Thus begins a shift away from the 20- to 34-year-old millennials, and the emergence of a new effort aimed at understanding just how Gen Zers think.

Old before your time. used to be 40s and 50s were prime spending years. Poor millennials who got looted by the elite cla$$, whatever be their percentage.

Research firms like C Space say they are seeing increasing demand for information from companies that are looking to understand what makes members of this generation tick and how best to reach them.


So what’s so special about Generation Z?

To start, Gen Zers already have some $44 billion in purchasing power, according to the New York advertising agency Sparks and Honey — and that buying power is only expected to grow.

Why is expected to grow?

And there are roughly as many Gen Zers (82 million) as there are millennials (83 million) and baby boomers (76 million).

This increasingly attractive demographic, however, poses greater challenges for marketers than previous generations as media grow more fragmented and reaching young consumers requires more precise targeting. Unlike so-called millennials — the oldest of them born in the 1980s — the entire Gen Z population has known nothing but an Internet-connected world.

And they will be lost without one.

From their earliest years, they have been shaped by social media, e-commerce, and on-demand services, using technology to customize the information they receive, the products they buy, and the interactions they have, said Ian Cross, director at the Bentley University Center for Marketing Technology.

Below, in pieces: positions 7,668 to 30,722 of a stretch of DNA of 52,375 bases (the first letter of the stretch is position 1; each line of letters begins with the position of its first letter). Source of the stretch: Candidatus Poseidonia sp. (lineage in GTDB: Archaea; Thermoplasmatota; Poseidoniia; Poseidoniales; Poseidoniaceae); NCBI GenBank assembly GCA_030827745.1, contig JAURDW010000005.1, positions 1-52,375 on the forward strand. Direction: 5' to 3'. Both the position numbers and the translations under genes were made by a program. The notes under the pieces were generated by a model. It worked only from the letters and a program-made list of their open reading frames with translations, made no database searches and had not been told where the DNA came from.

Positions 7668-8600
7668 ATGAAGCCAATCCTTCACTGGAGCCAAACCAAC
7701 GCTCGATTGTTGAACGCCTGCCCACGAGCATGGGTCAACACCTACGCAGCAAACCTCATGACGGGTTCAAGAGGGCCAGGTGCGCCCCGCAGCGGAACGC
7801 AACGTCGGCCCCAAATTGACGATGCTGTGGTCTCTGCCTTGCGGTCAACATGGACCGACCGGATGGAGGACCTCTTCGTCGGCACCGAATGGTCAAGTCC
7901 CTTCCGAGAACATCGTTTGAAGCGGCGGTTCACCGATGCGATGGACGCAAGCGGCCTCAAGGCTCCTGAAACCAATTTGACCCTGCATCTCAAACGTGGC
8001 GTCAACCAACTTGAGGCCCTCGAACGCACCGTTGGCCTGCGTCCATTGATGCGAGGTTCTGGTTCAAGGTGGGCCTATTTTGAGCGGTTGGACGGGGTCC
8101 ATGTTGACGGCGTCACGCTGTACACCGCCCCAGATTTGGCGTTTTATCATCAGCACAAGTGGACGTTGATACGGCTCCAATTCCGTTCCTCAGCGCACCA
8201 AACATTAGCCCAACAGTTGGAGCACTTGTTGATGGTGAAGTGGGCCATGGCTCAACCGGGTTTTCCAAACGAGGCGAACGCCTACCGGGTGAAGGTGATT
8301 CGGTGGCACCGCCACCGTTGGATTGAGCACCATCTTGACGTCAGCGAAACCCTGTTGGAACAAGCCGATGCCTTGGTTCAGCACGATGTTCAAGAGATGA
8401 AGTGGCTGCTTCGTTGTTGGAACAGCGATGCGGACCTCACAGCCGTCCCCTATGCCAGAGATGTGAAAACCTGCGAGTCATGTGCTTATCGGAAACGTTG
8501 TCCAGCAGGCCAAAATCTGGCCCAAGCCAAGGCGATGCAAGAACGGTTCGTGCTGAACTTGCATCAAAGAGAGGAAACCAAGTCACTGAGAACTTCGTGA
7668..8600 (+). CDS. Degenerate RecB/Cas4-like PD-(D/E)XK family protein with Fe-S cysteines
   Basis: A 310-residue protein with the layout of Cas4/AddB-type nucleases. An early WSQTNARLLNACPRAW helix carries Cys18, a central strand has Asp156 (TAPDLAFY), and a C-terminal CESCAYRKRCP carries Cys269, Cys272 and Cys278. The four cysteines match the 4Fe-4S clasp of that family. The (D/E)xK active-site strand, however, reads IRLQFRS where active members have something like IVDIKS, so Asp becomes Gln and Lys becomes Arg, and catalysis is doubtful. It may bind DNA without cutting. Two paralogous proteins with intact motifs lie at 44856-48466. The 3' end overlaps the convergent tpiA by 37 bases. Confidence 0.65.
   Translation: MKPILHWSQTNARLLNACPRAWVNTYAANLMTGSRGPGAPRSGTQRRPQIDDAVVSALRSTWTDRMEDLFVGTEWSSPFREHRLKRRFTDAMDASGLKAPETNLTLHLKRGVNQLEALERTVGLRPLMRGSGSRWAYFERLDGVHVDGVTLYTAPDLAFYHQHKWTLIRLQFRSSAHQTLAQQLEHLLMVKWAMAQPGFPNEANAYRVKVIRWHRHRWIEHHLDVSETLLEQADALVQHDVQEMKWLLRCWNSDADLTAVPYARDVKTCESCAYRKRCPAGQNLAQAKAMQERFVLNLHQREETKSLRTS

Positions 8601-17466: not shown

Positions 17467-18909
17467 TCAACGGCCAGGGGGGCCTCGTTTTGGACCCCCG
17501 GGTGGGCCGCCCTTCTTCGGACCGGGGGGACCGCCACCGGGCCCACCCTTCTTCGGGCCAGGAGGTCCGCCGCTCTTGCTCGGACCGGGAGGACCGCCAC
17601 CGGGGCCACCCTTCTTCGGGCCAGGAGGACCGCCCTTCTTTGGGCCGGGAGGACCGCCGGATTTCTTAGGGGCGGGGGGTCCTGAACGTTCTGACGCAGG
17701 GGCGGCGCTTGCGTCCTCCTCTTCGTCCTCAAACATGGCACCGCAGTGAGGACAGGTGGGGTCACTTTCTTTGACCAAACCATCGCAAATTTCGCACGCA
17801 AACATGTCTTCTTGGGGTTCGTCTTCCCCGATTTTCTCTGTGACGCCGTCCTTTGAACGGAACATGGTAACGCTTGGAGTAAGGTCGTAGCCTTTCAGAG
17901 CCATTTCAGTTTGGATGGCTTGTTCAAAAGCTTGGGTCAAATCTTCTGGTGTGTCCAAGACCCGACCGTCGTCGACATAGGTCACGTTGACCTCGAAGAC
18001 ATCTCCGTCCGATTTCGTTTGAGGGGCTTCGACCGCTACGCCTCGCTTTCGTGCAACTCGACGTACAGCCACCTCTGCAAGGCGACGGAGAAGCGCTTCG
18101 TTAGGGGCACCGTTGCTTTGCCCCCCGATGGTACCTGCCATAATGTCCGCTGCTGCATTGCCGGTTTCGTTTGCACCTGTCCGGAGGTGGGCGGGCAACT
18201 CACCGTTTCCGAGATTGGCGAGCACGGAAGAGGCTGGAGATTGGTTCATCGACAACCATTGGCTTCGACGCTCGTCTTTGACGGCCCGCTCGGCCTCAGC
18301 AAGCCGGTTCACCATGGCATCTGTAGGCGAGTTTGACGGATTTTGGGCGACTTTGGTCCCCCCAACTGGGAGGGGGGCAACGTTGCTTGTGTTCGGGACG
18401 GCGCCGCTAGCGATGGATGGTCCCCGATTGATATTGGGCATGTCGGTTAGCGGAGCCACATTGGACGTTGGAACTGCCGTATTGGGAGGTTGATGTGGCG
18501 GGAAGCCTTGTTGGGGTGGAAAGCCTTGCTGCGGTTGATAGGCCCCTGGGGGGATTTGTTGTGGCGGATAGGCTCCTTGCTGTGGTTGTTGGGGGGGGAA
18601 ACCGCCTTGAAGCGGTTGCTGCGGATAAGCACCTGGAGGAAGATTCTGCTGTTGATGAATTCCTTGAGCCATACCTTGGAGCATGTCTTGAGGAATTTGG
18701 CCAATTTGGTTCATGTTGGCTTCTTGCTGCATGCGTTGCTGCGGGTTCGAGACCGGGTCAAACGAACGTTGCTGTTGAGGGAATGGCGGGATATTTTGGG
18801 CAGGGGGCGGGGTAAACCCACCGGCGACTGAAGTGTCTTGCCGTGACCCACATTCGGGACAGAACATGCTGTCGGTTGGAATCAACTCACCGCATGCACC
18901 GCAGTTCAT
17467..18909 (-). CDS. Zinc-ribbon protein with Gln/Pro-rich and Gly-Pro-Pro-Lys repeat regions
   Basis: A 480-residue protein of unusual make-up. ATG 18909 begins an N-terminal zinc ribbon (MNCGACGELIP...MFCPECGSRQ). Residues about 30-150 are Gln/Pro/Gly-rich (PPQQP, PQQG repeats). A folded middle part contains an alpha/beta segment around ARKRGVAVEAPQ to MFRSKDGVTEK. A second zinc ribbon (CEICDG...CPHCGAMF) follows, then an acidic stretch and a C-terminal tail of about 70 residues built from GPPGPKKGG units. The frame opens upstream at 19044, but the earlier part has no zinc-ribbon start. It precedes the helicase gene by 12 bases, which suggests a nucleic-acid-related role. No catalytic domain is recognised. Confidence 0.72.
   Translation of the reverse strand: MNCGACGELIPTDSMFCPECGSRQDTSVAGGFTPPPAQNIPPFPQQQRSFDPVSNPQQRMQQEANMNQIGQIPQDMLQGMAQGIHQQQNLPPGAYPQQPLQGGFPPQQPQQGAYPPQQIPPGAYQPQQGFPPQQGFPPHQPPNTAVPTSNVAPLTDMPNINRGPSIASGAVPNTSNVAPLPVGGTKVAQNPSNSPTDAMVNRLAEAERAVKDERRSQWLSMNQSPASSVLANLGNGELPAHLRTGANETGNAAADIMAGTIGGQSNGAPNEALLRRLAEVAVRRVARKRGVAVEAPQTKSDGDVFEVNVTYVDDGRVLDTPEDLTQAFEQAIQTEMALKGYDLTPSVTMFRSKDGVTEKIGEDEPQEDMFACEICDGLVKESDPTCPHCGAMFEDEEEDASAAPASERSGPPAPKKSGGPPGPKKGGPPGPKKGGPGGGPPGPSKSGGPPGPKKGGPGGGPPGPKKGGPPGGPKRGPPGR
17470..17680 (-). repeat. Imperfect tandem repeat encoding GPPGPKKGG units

At the same time, they are conservative in their spending, less likely to expect financial help from their parents, and more wary of the future after witnessing their parents or friends’ parents lose jobs in the Great Recession.

All this means marketers need different approaches to gain the attention of Gen Z — and turn traditional advertising models on their head, industry analysts said.

In the past, most ad dollars went to paying television networks, radio stations, and newspapers. But to reach Gen Z, companies will need to spend more to create videos and other content that provides useful information, entertains, and otherwise impresses them enough that they share with families, friends, and followers, industry analysts said.

And in today’s media environment, where something more interesting is just a click away, marketers will have to grab their audiences fast — in about eight seconds, said Tom Gerace, Skyword’s chief executive.

I see I haven't managed to grab many of you lately, so..... glad I didn't go into teaching. Forget the abuse or controversy that I would have had to go through; my class is BORING!

Must be the $ource material.

“It used to be that companies spent a little money making the advertisement and a lot of money distributing it,” Gerace said. “Now, brands will spend a lot more money to create the stories and spend less on distribution.”

One example is Sperry Top-Sider Inc., known for its Top-Sider boat shoe....

Didn't fit.

The goal, analysts said, is not only to get teens to buy and decorate sneakers, but to photograph them, post the photos, and share the pictures with friends — ultimately influencing the friends to do the same.

You all a bunch of lemming con$umers following the latest fad, huh? That's the way you end up with nothing (personal te$timonial there).

Did I get your attention?